Photography started off for me as a hobby in my teens with an Olympus OM-10 SLR, a truly basic camera bereft of all the multiple bells and whistles that adorn even an entry level, modern DSLR by comparison. Still, it seemed sophisticated to me at the time, even though all I could do was adjust the aperture (via a ring on the lens) and the ASA speed. I quickly realized that I needed full manual control if I wanted to be truly creative, and fitted a manual adapter to the front of the camera that allowed me to change the shutter speed in addition to the aperture.
In contrast with the ‘auto-everything’ capabilities of modern DSLRs, I needed to – and did – develop a thorough understanding of how to get decent exposures with the aperture-shutter speed-ASA triangle. Which is a grounding every budding photographer needs, I feel, if he or she wants to fully understand how to create great pictures. Initially, photographers such as Bill Brandt and Henri Cartier-Bresson inspired me and I worked exclusively in black and white, as that was the only format I was able to print in with the dark-room facilities available to me at school. Mostly I was self taught, though I did do a photography module in art school and was encouraged by the tutor who described me as the mostly talented ‘art photographer’ they’d had at the college in years.
However, I decided not to pursue a career in photography at that time and for various reasons went over twenty years without picking up a camera. Then in my early forties, a friend lent me his digital SLR – another Olympus as it happened – and I found myself completely hooked all over again. I was initially skeptical of digital, but found that the quality had gone up and the price come down sufficiently to make it viable for me to enter into this fast evolving new world of photography. I bought the best camera I could afford at the time, a Canon 450D and was on my way. Like many I suppose, when it came to making money from my hobby, I turned to the only real way to do so in your community, which is the uber competitive arena of wedding photography. I saw my sisters’ wedding photographs and was bemused at what looked like little more than competent snap-shots. There had to be a better way of doing it, and on discovering the work of Joe Buissink and Jeff Ascough, I found that there certainly was, and I set about emulating those great photographers.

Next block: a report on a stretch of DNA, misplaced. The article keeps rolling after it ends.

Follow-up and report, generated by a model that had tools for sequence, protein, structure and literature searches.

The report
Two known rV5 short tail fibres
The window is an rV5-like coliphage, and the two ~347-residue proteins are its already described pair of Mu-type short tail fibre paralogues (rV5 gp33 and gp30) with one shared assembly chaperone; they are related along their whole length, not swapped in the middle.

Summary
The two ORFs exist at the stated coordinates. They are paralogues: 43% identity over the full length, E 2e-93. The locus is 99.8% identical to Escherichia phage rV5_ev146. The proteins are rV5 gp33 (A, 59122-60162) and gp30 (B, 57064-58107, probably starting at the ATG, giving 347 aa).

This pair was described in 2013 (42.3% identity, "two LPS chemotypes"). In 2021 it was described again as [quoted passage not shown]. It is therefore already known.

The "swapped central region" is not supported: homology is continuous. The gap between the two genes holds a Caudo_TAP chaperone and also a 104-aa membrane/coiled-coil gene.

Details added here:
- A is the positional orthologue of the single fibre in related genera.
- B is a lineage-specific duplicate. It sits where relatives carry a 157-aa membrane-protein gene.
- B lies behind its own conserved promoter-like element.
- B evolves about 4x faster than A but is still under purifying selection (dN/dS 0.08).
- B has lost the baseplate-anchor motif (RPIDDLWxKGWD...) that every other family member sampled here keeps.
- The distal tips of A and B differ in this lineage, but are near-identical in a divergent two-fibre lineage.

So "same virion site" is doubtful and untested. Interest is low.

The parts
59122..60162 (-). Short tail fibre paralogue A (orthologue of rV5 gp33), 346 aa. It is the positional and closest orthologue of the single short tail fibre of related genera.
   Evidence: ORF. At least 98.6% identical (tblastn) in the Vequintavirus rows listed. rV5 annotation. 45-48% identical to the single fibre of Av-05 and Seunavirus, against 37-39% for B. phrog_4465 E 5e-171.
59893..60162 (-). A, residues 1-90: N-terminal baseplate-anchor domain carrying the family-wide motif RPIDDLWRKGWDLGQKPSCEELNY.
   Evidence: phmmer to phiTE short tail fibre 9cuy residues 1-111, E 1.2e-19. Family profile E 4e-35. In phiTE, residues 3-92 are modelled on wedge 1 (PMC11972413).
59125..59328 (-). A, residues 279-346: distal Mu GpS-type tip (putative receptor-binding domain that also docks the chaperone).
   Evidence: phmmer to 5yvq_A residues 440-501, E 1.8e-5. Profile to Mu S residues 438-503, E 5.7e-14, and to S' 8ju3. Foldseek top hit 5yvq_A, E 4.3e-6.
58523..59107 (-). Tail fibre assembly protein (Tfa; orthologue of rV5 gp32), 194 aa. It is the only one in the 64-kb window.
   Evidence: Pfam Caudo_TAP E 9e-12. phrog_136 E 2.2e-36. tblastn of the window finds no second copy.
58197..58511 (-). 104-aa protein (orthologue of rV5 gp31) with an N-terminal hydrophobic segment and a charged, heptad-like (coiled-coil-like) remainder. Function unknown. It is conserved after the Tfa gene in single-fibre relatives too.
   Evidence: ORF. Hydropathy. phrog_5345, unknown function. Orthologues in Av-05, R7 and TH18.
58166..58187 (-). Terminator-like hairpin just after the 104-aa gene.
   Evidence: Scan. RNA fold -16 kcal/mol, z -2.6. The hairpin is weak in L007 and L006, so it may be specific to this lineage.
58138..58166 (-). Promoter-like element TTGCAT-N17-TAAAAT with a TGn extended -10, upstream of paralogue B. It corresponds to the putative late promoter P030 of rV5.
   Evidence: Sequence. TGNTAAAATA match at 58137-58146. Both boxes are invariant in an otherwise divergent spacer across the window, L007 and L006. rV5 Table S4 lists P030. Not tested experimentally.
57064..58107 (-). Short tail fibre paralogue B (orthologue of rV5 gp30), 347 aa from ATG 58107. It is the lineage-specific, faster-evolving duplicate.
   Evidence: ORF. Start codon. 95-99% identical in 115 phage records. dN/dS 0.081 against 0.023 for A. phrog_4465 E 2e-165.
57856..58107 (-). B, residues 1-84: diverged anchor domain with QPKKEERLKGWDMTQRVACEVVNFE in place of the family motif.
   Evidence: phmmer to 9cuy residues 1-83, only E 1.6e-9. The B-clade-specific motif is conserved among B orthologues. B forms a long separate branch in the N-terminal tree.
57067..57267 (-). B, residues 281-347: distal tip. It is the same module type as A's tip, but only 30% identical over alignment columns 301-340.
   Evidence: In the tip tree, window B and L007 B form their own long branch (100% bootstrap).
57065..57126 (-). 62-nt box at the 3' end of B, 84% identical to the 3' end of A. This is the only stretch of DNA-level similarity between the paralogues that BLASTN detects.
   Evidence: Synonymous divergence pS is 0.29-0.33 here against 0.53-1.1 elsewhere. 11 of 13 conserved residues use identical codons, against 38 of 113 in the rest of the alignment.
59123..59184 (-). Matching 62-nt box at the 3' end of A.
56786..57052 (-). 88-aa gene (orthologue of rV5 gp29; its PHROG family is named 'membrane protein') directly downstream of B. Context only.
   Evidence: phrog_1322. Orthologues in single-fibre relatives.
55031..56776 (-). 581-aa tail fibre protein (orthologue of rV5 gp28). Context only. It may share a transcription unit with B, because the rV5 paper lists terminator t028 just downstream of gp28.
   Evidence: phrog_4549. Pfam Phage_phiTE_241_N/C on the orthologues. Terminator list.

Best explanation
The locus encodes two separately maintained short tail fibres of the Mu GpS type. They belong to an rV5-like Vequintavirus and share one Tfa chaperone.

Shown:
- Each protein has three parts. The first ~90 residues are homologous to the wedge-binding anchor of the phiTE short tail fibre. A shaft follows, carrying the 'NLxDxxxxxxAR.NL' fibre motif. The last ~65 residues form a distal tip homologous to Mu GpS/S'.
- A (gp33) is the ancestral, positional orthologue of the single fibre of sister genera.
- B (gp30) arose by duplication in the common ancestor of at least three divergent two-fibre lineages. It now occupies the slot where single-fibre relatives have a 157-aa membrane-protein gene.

As far as equipment goes, I use Canon ‘prosumer’ bodies – a 50D and 60D and typically on a wedding I will use these coupled with a Canon 17-55mm F2.8 IS and a Sigma 70-200mm F2.8 OS. These are very high quality lenses that cover a wide range of focal lengths, giving me both the overview and the intimacy. Occasionally, if the light is very poor or for the portrait shoot of the bride and groom, I will use a Canon f1.8 85mm prime lens. I’d say 95% of my post-production work is done in Lightroom with trips to Photoshop only necessary if there’s some particularly complex cloning to be done.